William Allen, Federal Representation: The Design of the Thirty-fifth Federalist Paper.” (Publius: The Journal of Federalism 6.3, Summer 1976)

Jeremy Bailey, The New Unitary Executive and Democratic Theory: The Problem of Alexander Hamilton.” (American Political Science Review 102.4, 2008)

Jeremy Bailey, The Traditional View of Hamilton’s Federalist No. 77 and an Unexpected Challenge: A Response to Seth Barrett Tillman.” (Harvard Journal of Law and Public Policy 33.1, 2010)

Clement Fatovic, Constitutionalism and Presidential Prerogative: Jeffersonian and Hamiltonian Perspectives.” (American Journal of Political Science 48.3, 2004)

The Noblest MindsClement Fatovic, Reason and Experience in Alexander Hamilton’s Science of Politics.” (American Political Thought: A Journal of Ideas, Institutions, and Culture 2.1, Spring 2013)

Charles Kesler (editor), The Federalist Papers. (Penguin-Putnam, 1999)

Peter McNamara, Alexander Hamilton, the Love of Fame and Modern Democratic Statesmanship.” (The Noblest Minds: Fame, Honor, and the American Founding, Rowman & Littlefield, 1999)

Peter McNamara, Hamilton, Croly and American Public Philosophy.” (The Many Faces of Alexander Hamilton, New York University Press, 2006)

Peter McNamara, Hamilton and Jefferson: Two Visions of Democratic Capitalism.” (Rediscovering Political Economy, Lexington Books, 2011)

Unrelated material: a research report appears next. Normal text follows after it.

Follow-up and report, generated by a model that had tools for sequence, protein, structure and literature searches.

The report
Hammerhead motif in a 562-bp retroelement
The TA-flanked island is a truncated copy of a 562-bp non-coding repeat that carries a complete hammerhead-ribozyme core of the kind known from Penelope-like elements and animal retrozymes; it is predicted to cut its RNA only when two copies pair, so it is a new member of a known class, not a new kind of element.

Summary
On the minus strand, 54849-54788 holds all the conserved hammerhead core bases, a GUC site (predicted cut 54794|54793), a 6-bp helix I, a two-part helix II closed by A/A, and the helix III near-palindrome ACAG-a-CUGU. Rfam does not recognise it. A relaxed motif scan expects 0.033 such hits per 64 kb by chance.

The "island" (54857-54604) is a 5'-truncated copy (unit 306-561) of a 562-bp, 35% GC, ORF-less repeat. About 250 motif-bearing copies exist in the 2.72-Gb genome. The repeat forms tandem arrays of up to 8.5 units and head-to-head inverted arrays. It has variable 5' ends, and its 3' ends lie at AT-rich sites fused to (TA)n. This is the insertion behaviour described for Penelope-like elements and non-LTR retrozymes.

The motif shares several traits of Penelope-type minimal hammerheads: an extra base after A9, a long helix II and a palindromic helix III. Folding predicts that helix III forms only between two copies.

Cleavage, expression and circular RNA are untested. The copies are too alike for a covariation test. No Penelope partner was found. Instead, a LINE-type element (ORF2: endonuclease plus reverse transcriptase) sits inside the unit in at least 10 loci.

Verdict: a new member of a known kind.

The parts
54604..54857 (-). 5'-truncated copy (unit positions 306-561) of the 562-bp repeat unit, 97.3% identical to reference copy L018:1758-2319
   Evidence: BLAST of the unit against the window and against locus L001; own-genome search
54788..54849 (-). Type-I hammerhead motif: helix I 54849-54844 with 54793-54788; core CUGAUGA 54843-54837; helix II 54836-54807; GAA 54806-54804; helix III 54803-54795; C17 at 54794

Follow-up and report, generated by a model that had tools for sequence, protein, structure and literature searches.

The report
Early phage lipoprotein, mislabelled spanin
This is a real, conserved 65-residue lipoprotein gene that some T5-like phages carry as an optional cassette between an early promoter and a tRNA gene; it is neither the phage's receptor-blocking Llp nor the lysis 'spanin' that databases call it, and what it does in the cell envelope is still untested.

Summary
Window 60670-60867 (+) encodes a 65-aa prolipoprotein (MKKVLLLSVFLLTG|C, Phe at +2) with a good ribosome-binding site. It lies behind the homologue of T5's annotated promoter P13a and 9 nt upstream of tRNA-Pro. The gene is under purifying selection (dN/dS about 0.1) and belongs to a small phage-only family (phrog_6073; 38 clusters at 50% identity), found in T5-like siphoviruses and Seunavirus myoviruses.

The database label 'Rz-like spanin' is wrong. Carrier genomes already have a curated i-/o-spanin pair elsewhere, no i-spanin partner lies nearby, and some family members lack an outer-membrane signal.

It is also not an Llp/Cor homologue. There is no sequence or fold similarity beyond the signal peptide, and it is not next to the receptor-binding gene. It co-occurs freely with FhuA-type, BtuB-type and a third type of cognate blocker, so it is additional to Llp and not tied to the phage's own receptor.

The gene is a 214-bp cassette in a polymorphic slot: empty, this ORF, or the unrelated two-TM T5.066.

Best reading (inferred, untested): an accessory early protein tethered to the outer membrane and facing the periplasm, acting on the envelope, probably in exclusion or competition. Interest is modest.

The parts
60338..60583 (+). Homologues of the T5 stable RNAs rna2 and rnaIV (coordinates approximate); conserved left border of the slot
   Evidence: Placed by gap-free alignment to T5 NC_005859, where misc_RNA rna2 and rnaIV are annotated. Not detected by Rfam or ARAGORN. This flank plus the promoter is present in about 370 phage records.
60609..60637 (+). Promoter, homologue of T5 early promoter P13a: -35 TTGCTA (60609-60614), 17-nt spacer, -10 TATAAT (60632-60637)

Enlightening RevolutionsPeter McNamara, Hamilton, Religion, and American Conservatism.” (Resistance to Tyrants, Obedience to God: Religion and Reason in the American Founding, Lexington Books, 2013)

Peter McNamara, Political Economy and Statesmanship: Smith, Hamilton and the Foundation of the Commercial Republic. (Northern Illinois University Press, 1998)

James Stoner, The New Constitutionalism of Publius.” (History of American Political Thought, Lexington Books, 2003)

George Thomas, The Limits of Constitutional Government: Alexander Hamilton on Executive Discretion.” (Extra-Legal Power and Legitimacy: Perspectives on Prerogative, Oxford University Press, 2013)

Thomas West, The Economic Principles of America’s Founders: Property Rights, Free Markets, and Sound Money.” (First Principles Series Report, Heritage Foundation 32, 2010)

Michael Zuckert, Who was Publius? (Enlightening Revolutions: Essays in Honor of Ralph Lerner, Lexington Books, 2006)

 

*If you are a JMC fellow who’s published on Alexander Hamilton or his political thought, and would like your work included here, send it to us at academics@gojmc.org